We don’t know whether or when the call will go out that groups must mobilize. But the research on coups shows that the speed, as well as breadth, of the public response is key to whether the coup attempt is foiled. Thus, it is critical that our initial actions be easy, quick, and public.

We have a suggested Initial Response Action that meets these criteria.

Prepare for the Initial Response: Mass Decentralized Street Corner Rallies

EPG’s must be prepared to act quickly when action is called in response to various “triggers” signaling a power grab or refusal to leave office after an election loss. Many people will imagine that a protest will necessarily take place in a mass, centralized downtown location. But such actions are vulnerable to violent flanks, agents provocateurs and are not safe for many supporters. Thus, we are planning mass, decentralized actions by EPG’s to occur on many, many street corners, far less vulnerable and far more accessible.

As soon as November 4th, or soon thereafter; while momentum builds for further actions we will build momentum by coordinated, small, local, family-friendly public actions. EPG’s of 5 to 12 will sign up to take a nearby street corner, hold a U.S. flag, and homemade signs saying “Count Every Vote” to show that ordinary citizens will not sit idly by while our democracy is destroyed. These protests can continue while planning is underway for further actions.

Step 7. From Action to Campaign

The choice of tactics after the initial response will depend largely on the circumstances that evolve. For greater impact the tactics should escalate and, if possible, be coordinated. For further ideas, see the following resources.

Step 8. From Protest to Noncooperation

Research done on historical examples of coup attempts that were successfully thwarted show several critical ingredients:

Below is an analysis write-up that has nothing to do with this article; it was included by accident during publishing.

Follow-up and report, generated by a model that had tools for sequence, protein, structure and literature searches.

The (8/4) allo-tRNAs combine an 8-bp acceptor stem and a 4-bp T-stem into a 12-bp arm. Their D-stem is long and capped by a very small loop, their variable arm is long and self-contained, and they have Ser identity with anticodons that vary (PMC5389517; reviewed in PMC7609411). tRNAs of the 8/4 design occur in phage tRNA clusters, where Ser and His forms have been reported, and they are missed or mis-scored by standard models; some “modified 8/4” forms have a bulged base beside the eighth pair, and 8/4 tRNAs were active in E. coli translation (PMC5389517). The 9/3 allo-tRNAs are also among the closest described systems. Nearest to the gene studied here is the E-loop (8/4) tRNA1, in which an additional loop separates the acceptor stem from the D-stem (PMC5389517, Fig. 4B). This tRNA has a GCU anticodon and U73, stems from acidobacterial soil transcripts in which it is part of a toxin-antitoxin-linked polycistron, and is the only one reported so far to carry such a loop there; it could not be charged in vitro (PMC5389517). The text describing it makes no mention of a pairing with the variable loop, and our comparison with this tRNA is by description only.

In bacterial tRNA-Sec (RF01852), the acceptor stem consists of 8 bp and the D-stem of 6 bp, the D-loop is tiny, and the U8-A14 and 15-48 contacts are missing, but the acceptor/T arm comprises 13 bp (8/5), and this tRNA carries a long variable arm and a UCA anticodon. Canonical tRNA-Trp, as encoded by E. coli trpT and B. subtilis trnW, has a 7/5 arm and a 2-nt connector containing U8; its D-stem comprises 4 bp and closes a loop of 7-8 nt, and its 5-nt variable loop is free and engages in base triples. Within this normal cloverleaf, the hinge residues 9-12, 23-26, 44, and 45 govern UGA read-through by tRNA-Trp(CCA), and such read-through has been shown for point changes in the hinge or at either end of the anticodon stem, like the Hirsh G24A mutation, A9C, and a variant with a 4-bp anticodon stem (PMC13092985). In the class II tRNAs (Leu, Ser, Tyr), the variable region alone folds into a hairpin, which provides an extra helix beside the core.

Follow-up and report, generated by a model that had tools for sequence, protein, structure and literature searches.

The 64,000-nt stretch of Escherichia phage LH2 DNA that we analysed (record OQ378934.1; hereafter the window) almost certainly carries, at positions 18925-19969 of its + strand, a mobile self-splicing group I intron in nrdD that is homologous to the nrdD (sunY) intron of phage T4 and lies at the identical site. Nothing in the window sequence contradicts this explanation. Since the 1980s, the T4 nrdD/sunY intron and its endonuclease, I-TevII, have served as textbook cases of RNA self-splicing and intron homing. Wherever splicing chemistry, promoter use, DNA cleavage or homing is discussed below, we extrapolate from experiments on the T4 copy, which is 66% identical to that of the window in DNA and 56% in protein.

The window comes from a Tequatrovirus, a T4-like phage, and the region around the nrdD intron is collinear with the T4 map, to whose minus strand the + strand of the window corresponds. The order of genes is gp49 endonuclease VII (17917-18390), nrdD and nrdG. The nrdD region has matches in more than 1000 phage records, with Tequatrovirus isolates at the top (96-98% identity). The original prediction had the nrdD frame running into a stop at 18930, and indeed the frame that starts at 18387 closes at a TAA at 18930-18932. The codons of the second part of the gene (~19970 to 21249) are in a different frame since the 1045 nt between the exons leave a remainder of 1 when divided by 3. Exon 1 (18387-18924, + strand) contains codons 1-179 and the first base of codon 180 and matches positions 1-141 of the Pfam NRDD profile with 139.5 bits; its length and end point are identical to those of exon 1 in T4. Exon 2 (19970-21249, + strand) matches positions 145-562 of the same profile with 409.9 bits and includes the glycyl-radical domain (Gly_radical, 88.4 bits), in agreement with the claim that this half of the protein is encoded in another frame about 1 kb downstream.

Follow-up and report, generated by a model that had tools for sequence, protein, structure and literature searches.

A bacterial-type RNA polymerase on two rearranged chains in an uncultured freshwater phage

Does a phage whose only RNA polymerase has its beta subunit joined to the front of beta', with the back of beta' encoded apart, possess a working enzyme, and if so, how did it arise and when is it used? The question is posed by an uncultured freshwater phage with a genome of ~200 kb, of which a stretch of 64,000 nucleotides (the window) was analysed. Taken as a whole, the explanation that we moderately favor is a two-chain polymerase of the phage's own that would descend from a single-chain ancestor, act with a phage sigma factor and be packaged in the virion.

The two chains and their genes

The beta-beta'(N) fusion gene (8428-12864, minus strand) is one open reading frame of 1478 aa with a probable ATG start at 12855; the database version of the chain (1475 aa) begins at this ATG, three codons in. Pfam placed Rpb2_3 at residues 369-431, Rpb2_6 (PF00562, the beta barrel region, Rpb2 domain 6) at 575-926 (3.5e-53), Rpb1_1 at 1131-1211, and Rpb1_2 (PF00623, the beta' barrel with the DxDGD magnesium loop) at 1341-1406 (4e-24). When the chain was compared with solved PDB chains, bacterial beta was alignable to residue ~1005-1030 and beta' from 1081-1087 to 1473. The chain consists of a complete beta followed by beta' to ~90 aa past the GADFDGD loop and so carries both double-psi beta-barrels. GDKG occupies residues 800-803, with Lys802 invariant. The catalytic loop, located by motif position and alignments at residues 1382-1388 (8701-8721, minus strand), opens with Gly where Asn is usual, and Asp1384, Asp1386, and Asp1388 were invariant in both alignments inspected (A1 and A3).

• A growing majority percentage of public opinion decides the coup is illegitimate.
  • The movement maintains a nonviolent discipline, even in the face of repression.
  • Public protest leads to mass noncooperation and/or critical sectors withdrawing support for the coup

WWFOR intends to develop a “conditional pledge” campaign, if necessary, to help us turn from “tactics of protest/persuasion” (marches, rallies, symbolic protest) to “tactics of noncooperation” (strikes, boycotts, tax resistance, etc.). Stay tuned for further developments.

Help!

Our friends at Beautiful Trouble have launched a Resistance Hotline. The Resistance Hotline provides trustworthy one-on-one support for action planning & training needs. Post your question and within 24 hours, one of their vetted, seasoned direct-action experts will respond to you. You can keep your question as vague (“How do we do a freeway banner to let folks know when the registration deadline is?”) or as specific (“Right Wing aggressors are planning to disturb voting at our local polls. How do we creatively de-escalate? Help!”) as you feel comfortable posting.  Call Now! 1-844-NVDA-NOW. Resistance Hotline on facebook.
Email: resistancehotline@gmail.com

Stay Tuned for Further Information and Resources